Fiestas Galore on Mallorca … Except in the Countryside

Fiesta bunting

Bunting time!

Living in the open countryside, we are in a fiesta-free zone. But in villages and towns all around Mallorca, July and August are the months to deck the streets with fluttery bunting, get out the stacks of ubiquitous white plastic chairs, and party hard. The locals either join in or get out of town (or the village) for the duration. We can choose which ones we want to attend.

The main components of these fiestas are usually music (local bands or DJs), food (anything from giant ensaïmadas and enormous paellas, to tapas or street food, served from vintage food trucks), and drink.

Party Time in Sant Llorenç

On Friday night we attended a fiesta in the small town of Sant Llorenç, combining all three: the Sant Llorenç Boscana Craft Beer and Swing Festival. It was held in the square by the distinctive town hall building, one side of which was lined with stalls  offering around 20 different beers (no, we didn’t try them all).

Boscana Cervesa Evolutiva

Beer, anyone?


This was only the second edition of this particular festival. Apparently some lessons were learnt after last year’s inaugural event. One, was to bring in a refrigerated truck to keep the beer cold. The second was to provide some food to soak up the alcohol. On the opposite side of the square some local eateries and a bakery had set up stalls selling a few snacks, and someone known as Kitchen Guerilla was rustling up some sausages on a BBQ.

Strike up the band

Five swing bands were on the billing and an enormous professional-looking stage was set for the live music. Until the first band – Long Time No Swing – came on stage, we were treated to a performance by a strolling local pipe-and-drum group (xeremiers) and then a local batucada band.

Traditional Mallorcan music

Traditional Mallorcan music

The latter is a popular (and incredibly noisy) feature of many local fiestas. The drummers process through the streets followed by crowds of people – a bit like the Piper of Hamelin, but thankfully without the rats.

Eventually the stage came alive with the music of the first of five bands scheduled to play. We stayed to see Long Time No Swing and Monkey Doo – both terrific. When we left for home (around midnight), there were still three bands due to perform. Nessun dorma in Sant Llorenç that night!

Long Time No Swing

Long Time No Swing

Swing band Long Time No Swing

Long Time No Swing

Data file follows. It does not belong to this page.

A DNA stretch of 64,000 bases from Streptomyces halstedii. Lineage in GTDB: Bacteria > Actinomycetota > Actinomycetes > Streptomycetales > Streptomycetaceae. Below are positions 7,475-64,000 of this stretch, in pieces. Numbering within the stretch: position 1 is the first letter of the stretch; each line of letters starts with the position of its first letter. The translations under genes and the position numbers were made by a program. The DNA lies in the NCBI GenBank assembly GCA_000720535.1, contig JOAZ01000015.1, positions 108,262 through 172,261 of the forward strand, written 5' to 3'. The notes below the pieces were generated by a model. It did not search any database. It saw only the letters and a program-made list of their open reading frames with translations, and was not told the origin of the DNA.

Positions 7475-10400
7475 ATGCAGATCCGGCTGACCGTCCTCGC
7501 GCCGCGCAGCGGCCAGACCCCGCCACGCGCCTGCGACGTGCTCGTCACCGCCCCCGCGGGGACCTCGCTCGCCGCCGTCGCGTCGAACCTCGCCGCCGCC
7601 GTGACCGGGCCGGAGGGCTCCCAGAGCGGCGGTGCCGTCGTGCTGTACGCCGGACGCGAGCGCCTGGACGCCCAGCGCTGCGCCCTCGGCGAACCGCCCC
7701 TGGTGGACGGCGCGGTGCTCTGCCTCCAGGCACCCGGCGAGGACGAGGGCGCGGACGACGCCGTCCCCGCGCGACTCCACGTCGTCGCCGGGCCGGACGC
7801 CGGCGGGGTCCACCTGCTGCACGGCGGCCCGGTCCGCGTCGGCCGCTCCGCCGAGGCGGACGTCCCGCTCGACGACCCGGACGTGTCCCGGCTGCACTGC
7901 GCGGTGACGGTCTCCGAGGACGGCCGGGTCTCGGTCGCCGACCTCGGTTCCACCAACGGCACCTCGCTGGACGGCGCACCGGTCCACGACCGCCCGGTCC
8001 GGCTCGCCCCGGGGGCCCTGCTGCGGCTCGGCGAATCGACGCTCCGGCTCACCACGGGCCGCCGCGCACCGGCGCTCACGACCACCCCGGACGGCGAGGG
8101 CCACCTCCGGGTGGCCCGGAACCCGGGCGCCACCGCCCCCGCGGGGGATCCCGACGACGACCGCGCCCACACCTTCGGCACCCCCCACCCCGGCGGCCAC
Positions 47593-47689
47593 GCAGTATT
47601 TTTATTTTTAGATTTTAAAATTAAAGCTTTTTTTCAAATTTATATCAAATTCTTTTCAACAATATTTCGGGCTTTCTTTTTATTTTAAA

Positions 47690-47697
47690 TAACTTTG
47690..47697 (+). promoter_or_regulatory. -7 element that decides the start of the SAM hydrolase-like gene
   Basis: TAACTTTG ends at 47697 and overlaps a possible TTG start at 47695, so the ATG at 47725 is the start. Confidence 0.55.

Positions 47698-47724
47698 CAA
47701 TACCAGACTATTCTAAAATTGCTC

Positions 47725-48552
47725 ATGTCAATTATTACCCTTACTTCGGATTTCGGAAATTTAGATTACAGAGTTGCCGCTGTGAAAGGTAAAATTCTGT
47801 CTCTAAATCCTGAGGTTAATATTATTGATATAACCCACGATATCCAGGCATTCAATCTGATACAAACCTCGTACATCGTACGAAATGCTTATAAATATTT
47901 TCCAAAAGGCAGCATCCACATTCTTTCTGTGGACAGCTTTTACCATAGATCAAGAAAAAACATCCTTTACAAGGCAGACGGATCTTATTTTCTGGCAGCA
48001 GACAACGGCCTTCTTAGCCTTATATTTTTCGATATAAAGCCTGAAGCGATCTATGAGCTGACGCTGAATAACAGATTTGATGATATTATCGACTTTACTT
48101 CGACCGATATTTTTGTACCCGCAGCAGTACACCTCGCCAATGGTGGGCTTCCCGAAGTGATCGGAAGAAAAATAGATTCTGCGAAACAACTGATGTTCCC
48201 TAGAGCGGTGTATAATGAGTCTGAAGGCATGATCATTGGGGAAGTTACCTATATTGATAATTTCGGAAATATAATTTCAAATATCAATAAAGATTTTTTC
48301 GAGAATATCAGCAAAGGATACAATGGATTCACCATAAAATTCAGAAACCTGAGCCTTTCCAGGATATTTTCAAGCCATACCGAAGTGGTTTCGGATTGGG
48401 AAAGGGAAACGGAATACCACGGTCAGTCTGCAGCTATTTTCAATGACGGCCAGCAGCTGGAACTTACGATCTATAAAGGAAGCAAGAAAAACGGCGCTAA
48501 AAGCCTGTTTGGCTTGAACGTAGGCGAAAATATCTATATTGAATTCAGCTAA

Monkey Doo

Monkey Doo

Monkey Doo

Monkey Doo

Lindy Hoppers are Sant Llorenç

What most impressed us about this night was the dancing. Dozens of couples took to the centre of the square to dance the Lindy Hop, and they seemed to know what they were doing. Unlike most dancing, this one seems to be done in sneakers – so no twisted ankles due to perilous platforms or soaring stilettos. What struck us – apart from the ability of so many locals actually to do the Lindy Hop – was the joyful nature of this dance. We couldn’t stop smiling as we watched.

Lindy Hoppers

… and Lindy Hop

At some point we spoke to a girl who was taking a break from the energetic dance and she told us there’s a popular Lindy Hop class run in the town in the cooler months. Ah, that would explain it. This time next year, The Boss and I could be Lindy Hopping ourselves. Just need to persuade him. And buy some sneakers.

And So to Bed …

Unlike the good citizens of Sant Llorenç, we were able to leave the noise behind and go home for a peaceful night’s sleep. That’s country living on Mallorca for you …

Jan Edwards Copyright2016

Fire in our Mallorca valley

Mallorca wild fire

The valley burns …

Mallorca needs rain. Not what a holidaymaker to the island wants to hear, but residents know that the land and reservoirs are desperate for the stuff. It’s very hot here too, and that doesn’t help the situation.

Add strong winds to the mix – such as those we’ve had over the past few days – and danger may not be far behind. As we sat drinking a late-morning coffee on the back terrace on Friday, The Boss spotted smoke in the valley … and it wasn’t from an early BBQ lunch.


Spot the helicopters …

Bonfires are banned in summer

Bonfires are not allowed during the hot dry summer months and the wind had whipped up the smoke to such an extent that this was clearly a wild fire. I rang the emergency services to report the sighting – and was not the first to do so. We country dwellers waste no time when it comes to spotting smoke or flames where smoke or flames shouldn’t be …

Firefighting kit in action 

This fire was a lot further away than the last one we experienced (a little too closely), but it was still frightening because of the speed at which it was travelling, fanned by fierce gusts of wind.

Four helicopters, four planes, 10 fire engines, and around 50 firefighters were soon on scene, working for several hours to get the fire under control and, eventually, fully extinguished. The sea is not far away from us as the crow (or helicopter) flies, and we watched the helicopters making frequent sorties towards the coast, where they would scoop up water in the enormous buckets they carry and return to release the load over the site of the fire.

Dousing the flames

The helicopter that attended the previous fire we experienced

It was a dangerous and difficult afternoon for these brave people who put their lives at risk every time there’s a wild fire. And ours was only one of EIGHT that burned on Mallorca on Friday …